A newly released national study of 12,000 editors and reporters holds some surprises and reaffirms conventional wisdom on the relationship between public relations professionals and the news media. It also challenges us as PR professionals to "listen to the customer" to improve our results.
The study, conducted by Cision in conjunction with The George Washington University Masters in Strategic Public Relations program, received 745 responses to a series of questions covering preferred sources and principal contacts for story ideas and how journalists prefer to be approached by PR people. The respondents represented all major media, including newsmagazines, newspapers, Internet-based and the broadcast media (for more on the study's findings, see "Charting the Industry" on page 2).
The results lead to strong agreement on a number of key issues. First and foremost, there was a message that public relations professionals need to sharpen their pitches in order to increase their effectiveness. The two areas of pitching cited as needing the most improvement were: relevance to the journalist's beat/areas of interest and adopting a less promotional tone.
Other "areas for improvement" included:
Clear statement of the benefits for the target audience;
Stronger story ideas;
Covering the "5 W's" in leads;
Better writing overall; and,
The study also offered a strong affirmation of PR's importance in shaping editorial content, as respondents named PR professionals as the most common source for a story, (94%) second only to corporate Web sites (100%).
Not All Journalists Linked In To Social Networks
Also, and perhaps surprisingly, the study revealed a lack of reliance on social networking sites and podcasts by the press as a principal source for story ideas. However, in our view, this does not suggest these sources are less credible or valuable to other stakeholders or that they are not used by reporters for researching and preparing their stories.
Many of them revealed that social networking and related sites play a role in developing stories, but also noted that they do not replace direct contact between the journalists and a trusted PR source.
So, how do you become that trusted PR source for target reporters? To begin with, consider taking the following approach:
Avoid blast faxes to all media who might (or might not) be interested in your story idea;
Research and identify the media that reaches your audience;
Read it regularly and look for trends or areas where you can add value to the discussion;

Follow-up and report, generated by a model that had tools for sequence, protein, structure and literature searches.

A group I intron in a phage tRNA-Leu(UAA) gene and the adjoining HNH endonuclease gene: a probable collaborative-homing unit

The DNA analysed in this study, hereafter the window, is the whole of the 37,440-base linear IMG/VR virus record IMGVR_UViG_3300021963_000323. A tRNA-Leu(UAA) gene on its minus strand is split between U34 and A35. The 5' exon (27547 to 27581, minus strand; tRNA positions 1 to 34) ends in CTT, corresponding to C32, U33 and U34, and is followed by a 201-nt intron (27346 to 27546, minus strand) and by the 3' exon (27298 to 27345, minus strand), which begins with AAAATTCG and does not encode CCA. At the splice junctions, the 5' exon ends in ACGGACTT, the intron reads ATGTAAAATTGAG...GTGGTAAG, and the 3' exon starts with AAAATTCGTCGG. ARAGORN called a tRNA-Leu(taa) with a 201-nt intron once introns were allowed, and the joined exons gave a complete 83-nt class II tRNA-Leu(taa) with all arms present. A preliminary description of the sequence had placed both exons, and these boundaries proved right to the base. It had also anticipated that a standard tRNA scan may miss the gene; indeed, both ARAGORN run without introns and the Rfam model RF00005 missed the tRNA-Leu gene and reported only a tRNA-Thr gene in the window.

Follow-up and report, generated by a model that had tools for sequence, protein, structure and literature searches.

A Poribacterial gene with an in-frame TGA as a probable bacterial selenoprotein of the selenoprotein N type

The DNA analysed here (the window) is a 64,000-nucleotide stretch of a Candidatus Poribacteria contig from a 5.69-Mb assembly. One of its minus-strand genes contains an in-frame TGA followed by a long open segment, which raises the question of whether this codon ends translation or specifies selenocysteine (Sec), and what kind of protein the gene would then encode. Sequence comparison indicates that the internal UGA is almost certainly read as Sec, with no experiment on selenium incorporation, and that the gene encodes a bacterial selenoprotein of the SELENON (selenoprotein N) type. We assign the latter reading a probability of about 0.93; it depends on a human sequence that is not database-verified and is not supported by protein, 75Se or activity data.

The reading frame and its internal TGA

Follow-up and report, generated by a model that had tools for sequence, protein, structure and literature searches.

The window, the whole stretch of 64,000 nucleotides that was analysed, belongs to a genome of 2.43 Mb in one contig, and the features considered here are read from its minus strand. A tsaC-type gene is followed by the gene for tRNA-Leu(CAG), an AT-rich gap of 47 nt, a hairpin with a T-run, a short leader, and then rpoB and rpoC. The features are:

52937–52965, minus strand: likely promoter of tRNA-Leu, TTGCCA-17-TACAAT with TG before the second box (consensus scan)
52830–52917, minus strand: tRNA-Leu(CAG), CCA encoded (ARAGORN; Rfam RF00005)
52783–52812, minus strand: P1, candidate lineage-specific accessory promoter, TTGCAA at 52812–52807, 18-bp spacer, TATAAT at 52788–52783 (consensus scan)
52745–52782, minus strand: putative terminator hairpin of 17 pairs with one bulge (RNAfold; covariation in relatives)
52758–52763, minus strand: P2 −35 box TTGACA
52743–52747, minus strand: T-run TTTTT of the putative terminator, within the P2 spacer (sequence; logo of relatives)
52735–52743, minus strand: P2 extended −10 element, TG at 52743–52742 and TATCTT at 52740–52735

Contact the reporter(s) when you don't want or need something from them (hint: this is why it is called "media relations");
Ask what they are working on, let them know what you have to offer and see if you have common ground;
Send your pitches as simple text only, include links to sites, blogs, etc., (if credible) and allow the reporter to "opt in" if they are interested;
Social media can help here--if your company/client has a blog or uses Twitter, for example, offer that link/info to the reporter; and,
Stay with it--maintain contact informally (social media can help here as well) and bring ideas/suggestions to the discussion periodically.
By following this approach, you will get better results and build a mutually beneficial relationship with reporters. You will also be doing the rest of us a favor by showing them that PR people can listen and learn and that we are willing to change/improve our practices.
Meeting In The Middle
An understanding of the mutual challenges that both public relations and media professionals face--along with a commitment to improve materials--can be useful in answering these challenges and creating a better product for all the stakeholders in this process.
However, there is little use in asking the "customer" (for example, the media) for areas to improve if we are not willing to do something about them once they have been identified. So, how are we going to respond as a profession?
Clearly, part of the answer to this question is working harder by working smarter. In addition to maintaining high standards for our account teams, communications departments and for ourselves personally, sustained improvement will require a commitment to improved training and staff development.
Admittedly, this is a tall order in the current economic times, but it is achievable on a limited basis. Many professional associations offer off-site and/or Web-based training and development, which can be completed with a minimum of disruption in the daily work of our staffs.
For others, seeking a more formal option, there are a number of programs at leading universities offering advanced degrees in public relations studies. Many of these schools also offer online programs to accommodate the career development needs of working professionals.
Either way, the public relations profession faces a critical challenge. We can embrace this input from the media and invest in training--albeit on a limited basis. Or, we can let a golden opportunity to elevate the PR profession and its effectiveness pass--and regret it later. PRN
Larry Parnell is director/associate professor of the
Masters in Strategic Public Relations Program at The George Washington University. He can be reached at firstname.lastname@example.org. To download copies of the Cision/George Washington University report, visit http://www.gspm.org/files/final_gw- cision_media_report.pdf.